An immensely popular British crime film, Basil Dearden's The Blue Lamp was scripted by ex-policeman T.E.B Clark, the writer who arguably did the most to define Ealing Studio's post-war identity. The film marked the first appearance of the character of Jack Warner - later to be immortalized in Dixon Of Dock Freen. THe story follows two London policemen whose daily routine is interrupted by a botched robbery and subsequent murder hunt.
A style of policing and a world that now seems so long ago
- The Blue Lamp review by RP
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This is the film that introduced - and bumped off - PC George Dixon (Jack Warner), later resurrected for the long running TV series 'Dixon of Dock Green'. In its day, it won a BAFTA for Best British Film - so, has it stood the test of time?
The answer must be Yes. It's a gentle film, showing a style of policing that is now long gone, the era of the honest, kind hearted bobby-on-the-beat, knowing everyone on his manor and expecting - and receiving - co-operation. Here, that works well as (nowadays a cliché) an experienced older cop takes a rookie under his wing, shows him the ropes and welcomes him into his home.
But this comfortable existence ends as young tearaway baddy Dirk Bogarde goes in for a bit of armed robbery - and shoots that nice Mr Dixon. There follows some nicely observed detective work, then one of the first police car chases in a British film, and a finale at White City dog track where that nasty baddy is trapped using tic-tac men to signal his whereabouts.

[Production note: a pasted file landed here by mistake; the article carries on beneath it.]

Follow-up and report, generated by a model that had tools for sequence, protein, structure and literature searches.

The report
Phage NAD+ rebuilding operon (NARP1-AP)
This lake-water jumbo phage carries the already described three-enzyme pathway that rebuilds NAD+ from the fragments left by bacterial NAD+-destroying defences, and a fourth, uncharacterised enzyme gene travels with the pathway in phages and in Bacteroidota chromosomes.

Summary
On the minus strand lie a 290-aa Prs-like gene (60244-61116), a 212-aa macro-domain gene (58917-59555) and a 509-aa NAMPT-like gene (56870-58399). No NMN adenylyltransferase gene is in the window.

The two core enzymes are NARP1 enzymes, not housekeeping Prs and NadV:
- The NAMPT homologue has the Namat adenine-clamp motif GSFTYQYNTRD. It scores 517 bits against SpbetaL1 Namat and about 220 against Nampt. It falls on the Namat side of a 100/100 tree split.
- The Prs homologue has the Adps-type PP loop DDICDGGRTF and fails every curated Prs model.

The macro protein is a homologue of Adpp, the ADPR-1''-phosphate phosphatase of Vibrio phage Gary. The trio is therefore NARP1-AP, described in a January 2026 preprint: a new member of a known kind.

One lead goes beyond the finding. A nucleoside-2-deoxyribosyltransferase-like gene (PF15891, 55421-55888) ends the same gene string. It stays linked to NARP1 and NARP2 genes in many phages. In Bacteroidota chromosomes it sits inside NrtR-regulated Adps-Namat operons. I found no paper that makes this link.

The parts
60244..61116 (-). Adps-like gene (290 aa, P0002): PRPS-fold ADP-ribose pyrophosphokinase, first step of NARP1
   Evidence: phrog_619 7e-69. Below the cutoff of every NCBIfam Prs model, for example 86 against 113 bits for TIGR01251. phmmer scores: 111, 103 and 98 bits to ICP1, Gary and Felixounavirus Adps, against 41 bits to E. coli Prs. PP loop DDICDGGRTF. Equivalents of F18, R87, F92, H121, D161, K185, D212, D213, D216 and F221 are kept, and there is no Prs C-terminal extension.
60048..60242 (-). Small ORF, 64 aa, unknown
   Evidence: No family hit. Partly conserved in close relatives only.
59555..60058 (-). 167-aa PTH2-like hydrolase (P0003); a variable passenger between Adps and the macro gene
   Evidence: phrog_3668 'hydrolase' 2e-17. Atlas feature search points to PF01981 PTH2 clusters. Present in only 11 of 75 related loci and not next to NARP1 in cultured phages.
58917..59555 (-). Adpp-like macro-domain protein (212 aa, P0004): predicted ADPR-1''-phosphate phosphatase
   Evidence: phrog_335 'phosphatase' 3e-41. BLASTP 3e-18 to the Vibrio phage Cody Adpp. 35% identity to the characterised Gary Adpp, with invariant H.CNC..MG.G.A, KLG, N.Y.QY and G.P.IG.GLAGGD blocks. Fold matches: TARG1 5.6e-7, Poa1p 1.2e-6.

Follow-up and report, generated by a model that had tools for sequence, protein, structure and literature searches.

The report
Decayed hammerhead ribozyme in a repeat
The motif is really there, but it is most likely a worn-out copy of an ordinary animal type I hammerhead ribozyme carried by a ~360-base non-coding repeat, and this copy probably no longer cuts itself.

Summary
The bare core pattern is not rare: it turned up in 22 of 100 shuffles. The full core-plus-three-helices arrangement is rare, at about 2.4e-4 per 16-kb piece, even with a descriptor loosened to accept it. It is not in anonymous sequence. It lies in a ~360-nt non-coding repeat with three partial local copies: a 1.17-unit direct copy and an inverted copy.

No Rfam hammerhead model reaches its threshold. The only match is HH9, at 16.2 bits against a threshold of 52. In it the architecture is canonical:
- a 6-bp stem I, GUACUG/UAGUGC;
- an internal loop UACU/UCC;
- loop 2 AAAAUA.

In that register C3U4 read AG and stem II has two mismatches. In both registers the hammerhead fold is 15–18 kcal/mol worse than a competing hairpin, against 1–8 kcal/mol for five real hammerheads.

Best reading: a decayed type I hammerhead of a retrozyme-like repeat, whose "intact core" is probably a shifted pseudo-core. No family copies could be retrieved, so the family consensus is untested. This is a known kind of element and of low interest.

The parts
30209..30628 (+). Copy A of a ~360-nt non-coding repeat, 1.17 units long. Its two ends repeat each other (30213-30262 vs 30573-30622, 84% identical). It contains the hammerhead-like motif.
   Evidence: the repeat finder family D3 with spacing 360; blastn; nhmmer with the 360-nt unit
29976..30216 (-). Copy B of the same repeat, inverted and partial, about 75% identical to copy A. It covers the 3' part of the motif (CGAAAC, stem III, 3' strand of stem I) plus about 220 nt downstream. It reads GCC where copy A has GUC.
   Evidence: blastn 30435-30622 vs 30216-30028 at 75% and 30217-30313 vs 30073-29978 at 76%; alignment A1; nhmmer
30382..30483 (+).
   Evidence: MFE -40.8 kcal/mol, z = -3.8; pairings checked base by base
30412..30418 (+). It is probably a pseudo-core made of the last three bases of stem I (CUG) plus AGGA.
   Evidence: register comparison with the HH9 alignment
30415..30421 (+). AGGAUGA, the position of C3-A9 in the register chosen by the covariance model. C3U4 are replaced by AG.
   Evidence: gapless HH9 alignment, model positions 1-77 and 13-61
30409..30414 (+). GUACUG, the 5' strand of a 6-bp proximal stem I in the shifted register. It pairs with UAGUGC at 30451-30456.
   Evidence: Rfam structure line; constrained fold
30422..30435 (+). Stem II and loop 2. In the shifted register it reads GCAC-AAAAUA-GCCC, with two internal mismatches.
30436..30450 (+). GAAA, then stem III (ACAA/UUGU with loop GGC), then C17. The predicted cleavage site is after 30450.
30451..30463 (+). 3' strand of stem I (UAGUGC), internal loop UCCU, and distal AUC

There is a wealth of period detail: cobbled streets, boys in short trousers, girls playing hopscotch, fishing in the canal, a range in the kitchen heating flat irons, trolley buses, police cars with bells, police call boxes, the general lack of traffic, the street detail around Paddington and the Edgware Road, Two Ton Tessie O'Shea, the actual Paddington Green police station - and of course, bobbies on the beat, helping old ladies cross the road and directing traffic.
I have two minor niggles. The first is the actress who plays the 17-year-old runaway Diana - she was 25, and frankly, looked older and screamed far too much. The other is more serious, although it still applies in today's films. Serious violent crime, in this case gun crime and the shooting of the police, is 'talked up' and there was supposedly a crime wave of young hoodlums roaming the streets. Except there wasn't - and the shooting of a policeman is a rarity. There was one such shooting in the Metropolitan Police area in 1948 (the year before the film was made) that of PC Nathaniel Edgar, and that was the first for 26 (!) years. The next one was the shooting of PC Sidney George Miles in 1952 in the notorious Derek Bentley case. Shooting of the police is a pretty rare event - George Dixon must have been very unlucky :(
Putting that aside, this is a good period police procedural drama, very well done, with lots of human touches, in particular the restrained grief of Mrs Dixon.
If you're of a certain age and can (fondly?) remember 'Dixon of Dock Green' from the mid 1950s through to the mid 1970s, watch this. And if you can't remember Dixon, watch it anyway to see a style of policing and a world that now seems so long ago.